- Seek employee input about the existence of ergonomic problems related to particular jobs or work tasks.
- Be aware of common contributing conditions within your industry or job classifications. If other companies in the same industry have ergonomic-related problems, then it is possible these potential problems are also your concern.
Millions of workers are potentially exposed to chemical hazards each year. The nearly 600,000 existing chemical products pose serious problems for exposed workers and their employers.
Chemical exposure may cause or contribute to many serious health effects such as heart ailments, kidney and lung damage, sterility, cancer, burns, and rashes. Some chemicals may also be safety hazards and have the potential to cause fires, explosions, and other serious accidents.
Providing protection from chemical hazards is a challenging task because of the range of hazards and operations in which they are used. Potential hazards arising from chemical exposure may occur during the following:
- Production operations involving hazardous chemicals
- Hazardous substance site survey
- Spill mitigation
- Emergency monitoring
Protecting workers from chemical hazards primarily occurs through engineering and administrative controls; before personal protective equipment (PPE) is considered.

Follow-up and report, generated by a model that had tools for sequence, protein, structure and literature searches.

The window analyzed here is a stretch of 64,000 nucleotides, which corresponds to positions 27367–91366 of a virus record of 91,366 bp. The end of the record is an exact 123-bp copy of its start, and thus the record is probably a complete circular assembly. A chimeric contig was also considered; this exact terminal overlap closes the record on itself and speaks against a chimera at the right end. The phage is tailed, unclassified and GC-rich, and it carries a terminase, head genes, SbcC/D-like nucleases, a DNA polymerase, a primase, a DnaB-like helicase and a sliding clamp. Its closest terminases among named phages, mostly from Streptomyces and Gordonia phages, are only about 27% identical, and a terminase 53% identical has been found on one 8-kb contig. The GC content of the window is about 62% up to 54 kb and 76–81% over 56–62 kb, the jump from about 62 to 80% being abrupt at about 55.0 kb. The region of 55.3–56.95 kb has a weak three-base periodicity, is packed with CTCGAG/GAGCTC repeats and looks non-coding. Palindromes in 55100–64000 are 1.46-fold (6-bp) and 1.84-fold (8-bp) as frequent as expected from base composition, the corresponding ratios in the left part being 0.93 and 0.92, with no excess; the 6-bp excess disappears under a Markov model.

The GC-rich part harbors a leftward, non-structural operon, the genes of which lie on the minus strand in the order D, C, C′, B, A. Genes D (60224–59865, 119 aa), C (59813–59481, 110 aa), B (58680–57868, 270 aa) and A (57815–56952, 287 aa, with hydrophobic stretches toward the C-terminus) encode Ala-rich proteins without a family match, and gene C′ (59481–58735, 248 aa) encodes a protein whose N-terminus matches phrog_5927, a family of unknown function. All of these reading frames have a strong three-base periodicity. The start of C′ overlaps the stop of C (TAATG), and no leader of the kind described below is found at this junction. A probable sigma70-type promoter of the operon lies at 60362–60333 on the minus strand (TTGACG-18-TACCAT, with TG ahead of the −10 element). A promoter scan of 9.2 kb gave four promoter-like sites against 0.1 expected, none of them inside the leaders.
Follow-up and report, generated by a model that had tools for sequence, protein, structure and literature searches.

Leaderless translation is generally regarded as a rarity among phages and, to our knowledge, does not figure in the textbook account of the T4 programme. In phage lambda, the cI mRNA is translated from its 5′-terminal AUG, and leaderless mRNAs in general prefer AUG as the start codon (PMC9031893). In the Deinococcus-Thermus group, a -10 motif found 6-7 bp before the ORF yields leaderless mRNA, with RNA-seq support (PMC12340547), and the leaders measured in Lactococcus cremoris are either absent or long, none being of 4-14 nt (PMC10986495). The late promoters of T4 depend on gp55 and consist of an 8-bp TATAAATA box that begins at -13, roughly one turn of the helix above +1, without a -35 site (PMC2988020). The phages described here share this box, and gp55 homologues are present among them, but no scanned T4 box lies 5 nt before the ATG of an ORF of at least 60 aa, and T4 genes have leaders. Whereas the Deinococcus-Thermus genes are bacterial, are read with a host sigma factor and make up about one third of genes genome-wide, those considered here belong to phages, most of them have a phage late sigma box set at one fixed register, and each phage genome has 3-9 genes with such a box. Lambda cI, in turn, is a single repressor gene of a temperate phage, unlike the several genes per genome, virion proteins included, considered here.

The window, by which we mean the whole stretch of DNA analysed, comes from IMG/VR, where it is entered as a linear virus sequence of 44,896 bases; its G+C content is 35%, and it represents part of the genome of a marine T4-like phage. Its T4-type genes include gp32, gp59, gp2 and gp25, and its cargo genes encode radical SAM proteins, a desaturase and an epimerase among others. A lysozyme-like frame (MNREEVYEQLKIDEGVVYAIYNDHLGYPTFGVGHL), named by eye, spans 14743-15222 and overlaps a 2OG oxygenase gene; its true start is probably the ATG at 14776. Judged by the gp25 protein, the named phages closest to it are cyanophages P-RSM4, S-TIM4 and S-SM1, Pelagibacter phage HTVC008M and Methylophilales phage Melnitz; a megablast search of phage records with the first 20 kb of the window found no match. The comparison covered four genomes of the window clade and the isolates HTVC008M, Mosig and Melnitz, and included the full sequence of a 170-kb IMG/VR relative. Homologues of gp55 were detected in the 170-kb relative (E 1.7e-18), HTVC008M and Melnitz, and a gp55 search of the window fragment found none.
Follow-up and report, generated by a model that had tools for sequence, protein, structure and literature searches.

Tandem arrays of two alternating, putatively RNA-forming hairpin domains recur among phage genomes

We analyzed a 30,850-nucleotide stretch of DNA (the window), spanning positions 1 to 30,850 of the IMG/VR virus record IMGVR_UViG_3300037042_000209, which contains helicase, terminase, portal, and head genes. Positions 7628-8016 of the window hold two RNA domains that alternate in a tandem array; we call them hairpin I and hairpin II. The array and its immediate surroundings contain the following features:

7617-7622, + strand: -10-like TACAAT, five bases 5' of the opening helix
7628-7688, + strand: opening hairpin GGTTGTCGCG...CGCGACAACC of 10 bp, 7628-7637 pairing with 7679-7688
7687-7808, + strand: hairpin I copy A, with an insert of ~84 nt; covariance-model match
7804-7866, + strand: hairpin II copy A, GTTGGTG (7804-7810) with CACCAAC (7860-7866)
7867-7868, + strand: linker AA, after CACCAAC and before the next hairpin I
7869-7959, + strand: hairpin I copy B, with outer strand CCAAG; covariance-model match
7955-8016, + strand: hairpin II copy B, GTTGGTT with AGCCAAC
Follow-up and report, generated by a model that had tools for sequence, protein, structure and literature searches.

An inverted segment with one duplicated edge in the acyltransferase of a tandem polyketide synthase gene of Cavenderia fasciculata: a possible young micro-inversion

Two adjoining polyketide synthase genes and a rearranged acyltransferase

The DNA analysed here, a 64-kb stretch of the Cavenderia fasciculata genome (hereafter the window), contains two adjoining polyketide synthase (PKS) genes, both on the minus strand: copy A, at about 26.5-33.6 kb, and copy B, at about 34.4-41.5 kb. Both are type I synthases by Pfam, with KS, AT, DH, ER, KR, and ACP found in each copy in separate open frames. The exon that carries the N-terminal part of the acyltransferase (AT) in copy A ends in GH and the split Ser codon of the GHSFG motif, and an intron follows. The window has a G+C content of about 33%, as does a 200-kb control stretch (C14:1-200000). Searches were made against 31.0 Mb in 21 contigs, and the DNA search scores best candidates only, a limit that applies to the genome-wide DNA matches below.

In order to determine the chemical hazards in your facility, it is important to understand the different forms that chemicals may take. "Chemicals," as defined by OSHA, come in many forms, beyond the traditional "liquid."
- Liquids — the most common form in the workplace.
- Dusts — are finely divided particles. Example - wood dust.
- Fumes — are even smaller particles usually formed when solid metal is heated and vaporized, and then condenses as tiny particles.
- Fibers — are similar to dusts but are of an elongated shape. Examples - asbestos and fiberglass.
- Mists — are liquid droplets that have been sprayed into the atmosphere.
- Vapors — are gases formed when liquid evaporates.